Let me start this by saying first off that I know that all parents face some of these issues, so please don't think that I don't know that two parent households (especially those with multiple kids!) face a lot of what I talk about below on a daily basis. However, this knowledge that I am not alone, doesn't really make me feel any less alone. I hope that makes sense to you.
Munchkin is asthmatic, in the grand scheme of childhood diseases, not so bad, I get that, and I am grateful. However, when his lungs get inflamed, Murphy's law applies. Now I am Irish, so I should be used to Mr. Murphy by now, but really, I wish he would go take a vacation and never bother our family again!
Since mid-December Munchkin has had: Strep Throat, Influenza A, Pneumona, we had roughly 7 days of "better" (meaning breathing treatments were only every 6 to 8 hours instead of every 3 hours!) then we had another strain of Influenza, 2 days of "better" and now viral pneumonia and RSV (for those not acquainted with respiratory stuff, the last two pretty much go together and are bad for a normal kid, for an asthmatic kid--usually results in a multi day hospital stay, at least with us!)
So since December I have lost track of the number of times we have seen or called our pediatrician. Let me tell you, he is awesome and very well acquainted with us! He is patient and empathetic to Munchkin-from experience, not all pediatricians are so I count that as a huge blessing!
Here is the kicker, when we got admitted to the hospital early in the week, I was genuinely caught off guard. I did not bring supplies to entertain him, changes of clothes for either of us, or even my laptop to do some work. I really thought that when the nurse called back and said that doctor wanted to listen to him, that he would take a listen to his lungs, maybe adjust one of his meds and send us home.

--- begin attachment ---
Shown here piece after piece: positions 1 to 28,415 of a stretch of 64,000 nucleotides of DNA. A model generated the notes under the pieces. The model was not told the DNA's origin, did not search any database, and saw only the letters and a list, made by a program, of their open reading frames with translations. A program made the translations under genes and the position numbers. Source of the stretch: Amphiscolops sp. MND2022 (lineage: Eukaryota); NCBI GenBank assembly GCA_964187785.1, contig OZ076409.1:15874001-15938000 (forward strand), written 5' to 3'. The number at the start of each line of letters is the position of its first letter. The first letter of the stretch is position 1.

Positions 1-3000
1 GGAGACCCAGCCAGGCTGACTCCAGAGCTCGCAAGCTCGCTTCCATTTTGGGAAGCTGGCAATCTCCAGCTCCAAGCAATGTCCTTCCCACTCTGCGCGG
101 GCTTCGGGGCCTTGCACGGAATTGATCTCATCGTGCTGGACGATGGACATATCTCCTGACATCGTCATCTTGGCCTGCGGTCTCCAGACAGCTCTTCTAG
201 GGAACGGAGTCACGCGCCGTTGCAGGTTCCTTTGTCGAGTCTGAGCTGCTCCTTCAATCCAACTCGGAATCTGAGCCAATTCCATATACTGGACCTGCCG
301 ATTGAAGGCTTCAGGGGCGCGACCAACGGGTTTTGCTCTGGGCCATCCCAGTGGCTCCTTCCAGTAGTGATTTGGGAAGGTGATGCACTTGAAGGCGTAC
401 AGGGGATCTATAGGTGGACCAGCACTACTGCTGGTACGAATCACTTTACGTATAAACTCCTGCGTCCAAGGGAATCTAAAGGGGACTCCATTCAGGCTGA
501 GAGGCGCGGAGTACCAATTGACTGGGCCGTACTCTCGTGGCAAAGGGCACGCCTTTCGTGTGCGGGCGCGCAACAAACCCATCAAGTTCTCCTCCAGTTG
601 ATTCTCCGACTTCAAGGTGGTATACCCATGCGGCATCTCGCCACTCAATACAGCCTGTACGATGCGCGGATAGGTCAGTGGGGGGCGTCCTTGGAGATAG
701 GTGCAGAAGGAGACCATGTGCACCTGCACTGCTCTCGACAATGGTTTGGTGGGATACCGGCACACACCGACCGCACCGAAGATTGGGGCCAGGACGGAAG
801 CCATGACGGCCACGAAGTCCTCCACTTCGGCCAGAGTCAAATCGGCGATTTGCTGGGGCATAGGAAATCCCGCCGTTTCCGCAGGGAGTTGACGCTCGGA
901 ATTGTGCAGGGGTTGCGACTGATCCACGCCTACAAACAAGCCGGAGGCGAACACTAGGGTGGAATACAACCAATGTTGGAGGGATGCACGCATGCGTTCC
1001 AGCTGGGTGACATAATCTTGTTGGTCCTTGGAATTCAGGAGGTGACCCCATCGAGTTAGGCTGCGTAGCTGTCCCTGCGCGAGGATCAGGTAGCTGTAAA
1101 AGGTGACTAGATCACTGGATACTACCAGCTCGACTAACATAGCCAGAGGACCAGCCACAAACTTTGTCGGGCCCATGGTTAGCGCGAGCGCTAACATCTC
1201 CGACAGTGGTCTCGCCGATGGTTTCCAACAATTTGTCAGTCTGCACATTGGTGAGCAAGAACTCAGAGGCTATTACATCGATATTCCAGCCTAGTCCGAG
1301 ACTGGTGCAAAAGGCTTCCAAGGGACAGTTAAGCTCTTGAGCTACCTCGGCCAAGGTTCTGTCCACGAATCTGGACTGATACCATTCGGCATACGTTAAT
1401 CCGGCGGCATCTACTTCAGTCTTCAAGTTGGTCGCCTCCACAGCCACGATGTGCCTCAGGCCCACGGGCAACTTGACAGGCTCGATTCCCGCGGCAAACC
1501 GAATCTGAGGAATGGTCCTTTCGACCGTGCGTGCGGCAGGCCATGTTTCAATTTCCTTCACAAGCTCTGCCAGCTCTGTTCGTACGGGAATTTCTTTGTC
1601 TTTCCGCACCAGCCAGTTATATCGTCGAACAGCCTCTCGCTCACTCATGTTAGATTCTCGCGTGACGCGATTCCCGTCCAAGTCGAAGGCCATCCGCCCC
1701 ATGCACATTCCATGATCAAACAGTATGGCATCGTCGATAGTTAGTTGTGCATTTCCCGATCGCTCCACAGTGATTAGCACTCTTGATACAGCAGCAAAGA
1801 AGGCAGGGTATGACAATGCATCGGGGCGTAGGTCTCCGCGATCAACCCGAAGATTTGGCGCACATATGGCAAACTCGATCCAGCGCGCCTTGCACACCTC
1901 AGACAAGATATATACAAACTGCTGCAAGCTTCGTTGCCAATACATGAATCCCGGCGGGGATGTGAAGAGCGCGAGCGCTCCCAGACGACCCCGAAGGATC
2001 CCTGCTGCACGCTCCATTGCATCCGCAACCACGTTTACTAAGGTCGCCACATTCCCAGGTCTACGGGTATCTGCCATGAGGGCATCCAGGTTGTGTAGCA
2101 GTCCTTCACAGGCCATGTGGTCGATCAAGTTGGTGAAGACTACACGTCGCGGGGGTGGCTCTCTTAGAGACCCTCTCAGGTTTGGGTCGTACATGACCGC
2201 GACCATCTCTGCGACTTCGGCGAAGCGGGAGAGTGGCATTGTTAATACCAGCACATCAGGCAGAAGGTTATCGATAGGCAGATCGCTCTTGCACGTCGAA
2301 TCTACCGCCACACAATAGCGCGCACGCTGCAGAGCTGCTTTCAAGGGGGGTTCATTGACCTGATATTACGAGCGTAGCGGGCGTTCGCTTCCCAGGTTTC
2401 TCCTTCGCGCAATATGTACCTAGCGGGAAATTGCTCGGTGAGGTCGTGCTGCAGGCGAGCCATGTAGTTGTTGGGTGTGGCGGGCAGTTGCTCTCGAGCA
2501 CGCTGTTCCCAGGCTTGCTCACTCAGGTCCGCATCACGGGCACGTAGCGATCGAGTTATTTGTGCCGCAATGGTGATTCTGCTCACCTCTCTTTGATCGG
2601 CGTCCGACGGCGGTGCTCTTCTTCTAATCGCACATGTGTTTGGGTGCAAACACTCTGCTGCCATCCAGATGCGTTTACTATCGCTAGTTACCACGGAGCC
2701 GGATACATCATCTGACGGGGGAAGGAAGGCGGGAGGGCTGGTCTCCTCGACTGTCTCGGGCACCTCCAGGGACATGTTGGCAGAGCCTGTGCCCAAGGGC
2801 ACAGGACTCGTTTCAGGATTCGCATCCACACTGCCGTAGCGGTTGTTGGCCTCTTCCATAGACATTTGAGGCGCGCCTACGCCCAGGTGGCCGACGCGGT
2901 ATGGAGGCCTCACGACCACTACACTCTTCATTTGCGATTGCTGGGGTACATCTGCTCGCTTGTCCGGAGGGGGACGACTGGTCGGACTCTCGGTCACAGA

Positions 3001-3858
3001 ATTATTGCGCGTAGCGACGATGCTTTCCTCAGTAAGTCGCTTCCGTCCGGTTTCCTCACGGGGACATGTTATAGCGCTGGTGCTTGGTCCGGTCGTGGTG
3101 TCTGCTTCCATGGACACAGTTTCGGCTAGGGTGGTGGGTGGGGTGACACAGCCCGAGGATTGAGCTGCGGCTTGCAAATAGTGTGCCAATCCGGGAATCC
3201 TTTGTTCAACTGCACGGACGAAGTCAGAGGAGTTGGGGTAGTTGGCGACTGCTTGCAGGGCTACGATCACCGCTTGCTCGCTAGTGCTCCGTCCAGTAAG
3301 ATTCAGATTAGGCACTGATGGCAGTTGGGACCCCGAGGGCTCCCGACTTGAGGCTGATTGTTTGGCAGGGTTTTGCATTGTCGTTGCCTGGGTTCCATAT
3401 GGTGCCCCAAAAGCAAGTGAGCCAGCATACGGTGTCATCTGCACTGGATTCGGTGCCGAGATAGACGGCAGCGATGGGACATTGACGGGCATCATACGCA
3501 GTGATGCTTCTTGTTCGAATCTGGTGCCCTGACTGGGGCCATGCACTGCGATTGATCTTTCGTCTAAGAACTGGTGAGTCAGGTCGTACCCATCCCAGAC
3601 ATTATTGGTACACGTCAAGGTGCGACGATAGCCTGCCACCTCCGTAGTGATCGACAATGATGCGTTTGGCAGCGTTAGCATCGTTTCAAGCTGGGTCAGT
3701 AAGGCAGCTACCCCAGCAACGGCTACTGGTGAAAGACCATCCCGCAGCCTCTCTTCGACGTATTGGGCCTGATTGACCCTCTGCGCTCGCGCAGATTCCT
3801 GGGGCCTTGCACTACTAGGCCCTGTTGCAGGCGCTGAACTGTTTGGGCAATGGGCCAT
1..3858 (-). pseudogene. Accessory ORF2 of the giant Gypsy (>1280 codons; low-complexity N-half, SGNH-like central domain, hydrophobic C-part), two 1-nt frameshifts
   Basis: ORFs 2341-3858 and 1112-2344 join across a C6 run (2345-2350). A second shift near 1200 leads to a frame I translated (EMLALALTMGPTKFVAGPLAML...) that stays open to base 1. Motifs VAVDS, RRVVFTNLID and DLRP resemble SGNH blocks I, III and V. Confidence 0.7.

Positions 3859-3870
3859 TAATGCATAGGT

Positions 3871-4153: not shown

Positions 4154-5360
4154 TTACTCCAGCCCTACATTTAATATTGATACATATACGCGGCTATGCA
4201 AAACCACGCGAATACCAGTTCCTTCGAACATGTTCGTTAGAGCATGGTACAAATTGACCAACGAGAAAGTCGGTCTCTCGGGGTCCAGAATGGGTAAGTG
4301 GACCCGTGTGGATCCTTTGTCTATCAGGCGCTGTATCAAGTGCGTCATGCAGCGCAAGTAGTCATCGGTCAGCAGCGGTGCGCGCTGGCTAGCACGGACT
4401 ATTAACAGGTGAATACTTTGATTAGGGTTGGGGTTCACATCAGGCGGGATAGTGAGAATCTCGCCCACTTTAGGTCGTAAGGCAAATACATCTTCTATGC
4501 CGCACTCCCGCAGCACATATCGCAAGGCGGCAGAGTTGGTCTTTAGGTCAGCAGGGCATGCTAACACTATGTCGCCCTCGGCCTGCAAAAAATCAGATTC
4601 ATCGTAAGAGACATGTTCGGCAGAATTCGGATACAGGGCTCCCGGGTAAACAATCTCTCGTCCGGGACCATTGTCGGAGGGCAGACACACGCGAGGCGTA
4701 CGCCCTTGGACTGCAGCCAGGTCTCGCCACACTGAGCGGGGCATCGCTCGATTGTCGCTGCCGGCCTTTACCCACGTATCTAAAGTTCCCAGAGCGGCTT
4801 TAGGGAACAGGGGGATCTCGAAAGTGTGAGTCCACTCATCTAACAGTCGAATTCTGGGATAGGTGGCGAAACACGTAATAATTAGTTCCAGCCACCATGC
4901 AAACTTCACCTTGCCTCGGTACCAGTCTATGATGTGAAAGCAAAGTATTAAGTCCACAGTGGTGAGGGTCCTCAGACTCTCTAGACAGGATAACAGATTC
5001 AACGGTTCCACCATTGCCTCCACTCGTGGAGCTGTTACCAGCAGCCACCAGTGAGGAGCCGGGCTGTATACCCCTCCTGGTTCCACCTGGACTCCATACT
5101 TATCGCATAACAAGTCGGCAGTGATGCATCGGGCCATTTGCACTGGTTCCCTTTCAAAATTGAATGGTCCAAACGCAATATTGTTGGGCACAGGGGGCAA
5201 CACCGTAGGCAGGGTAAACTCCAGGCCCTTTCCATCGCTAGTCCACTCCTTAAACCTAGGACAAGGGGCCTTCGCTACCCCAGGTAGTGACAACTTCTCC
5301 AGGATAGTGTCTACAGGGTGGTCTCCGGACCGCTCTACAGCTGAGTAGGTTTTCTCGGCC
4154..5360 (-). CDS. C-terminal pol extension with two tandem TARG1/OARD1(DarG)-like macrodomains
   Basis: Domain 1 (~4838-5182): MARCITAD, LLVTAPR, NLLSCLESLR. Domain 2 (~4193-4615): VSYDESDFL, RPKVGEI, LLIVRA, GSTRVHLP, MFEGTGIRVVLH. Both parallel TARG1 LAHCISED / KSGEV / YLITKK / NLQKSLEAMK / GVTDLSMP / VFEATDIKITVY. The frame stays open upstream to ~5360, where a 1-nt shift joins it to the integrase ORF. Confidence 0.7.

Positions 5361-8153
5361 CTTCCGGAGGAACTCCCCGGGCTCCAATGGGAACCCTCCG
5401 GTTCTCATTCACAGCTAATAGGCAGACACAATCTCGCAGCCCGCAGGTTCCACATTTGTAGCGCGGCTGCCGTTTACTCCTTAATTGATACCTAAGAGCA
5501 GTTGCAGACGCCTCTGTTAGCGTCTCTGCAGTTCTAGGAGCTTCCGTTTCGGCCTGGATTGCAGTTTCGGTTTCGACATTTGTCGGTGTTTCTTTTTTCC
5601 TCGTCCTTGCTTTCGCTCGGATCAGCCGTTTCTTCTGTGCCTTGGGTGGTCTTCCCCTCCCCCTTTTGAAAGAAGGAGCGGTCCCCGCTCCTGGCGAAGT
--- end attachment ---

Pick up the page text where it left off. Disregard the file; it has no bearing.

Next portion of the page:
When the doctor said that he needed to be admitted, I just went with it, I didn't have Robert here to tell me it would be OK. I needed to swallow my feelings and reassure munchkin that it would be ok, that we would put some "superhero strength medicine in his arm and he would get better quick". Mind you he is 5, needles are scary for him, IV's are no fun, and he was running a high fever and not able to breathe. Thankfully, I did think to grab my "doctor office" bag, so I had a "blankie" for munchkin, a few books to read to him, a toy car and a pad of paper to entertain him. That is it. No games, no movies, no legos, not anything more to occupy him for more than about ten minutes at a time....and certainly not enough to entertain him for four long days.
But really here is the thing, when you have a two parent household, you have someone on your side. You are a team, you can take turns comforting you child when they come to give him a treatment or coax him to cooperate when they want to listen to his lungs or any thing else that needs doing. In theory you have two voices to advocate for your child, and two people to look at idiots who suggest that you give a five year old a COUGH DROP to stop his wheezing---right, cause cough drops eliminate inflammation in the lungs and are not a choking hazard when a kid is coughing and wheezing so badly he cannot even speak....and let me tell you, Robert had a much better "ARE YOU AN IDIOT??" look than I do. Maybe it is because he was a teacher and actually calling middle school and high school students an idiot is generally frowned upon, therefore he had more practice?? I don't know, I tend to revert to sarcasm.
We were very blessed with some phenomenal pediatric nurses that engaged him and made this whole thing as comfortable as possible for him. He literally only threw one fit. In the middle of the night, one of the nurses came in to do his vitals and he was only half awake and he fought her off like a NINJA! Literally, she had gently grasped his wrist to take his blood pressure and was met with instinctive kicking and blocking and screaming that he has learned in TaeKwonDo to be able to get away from adults. I'll go with being thankful that he has that instinctive reaction and feel better that he can defend himself, I did feel bad for the nurse who got kicked and made sure I was the one who called his name from there on out when he was sleeping so that he didn't have the same reaction. I will file that story for a later date when I am sure it will be hilarious.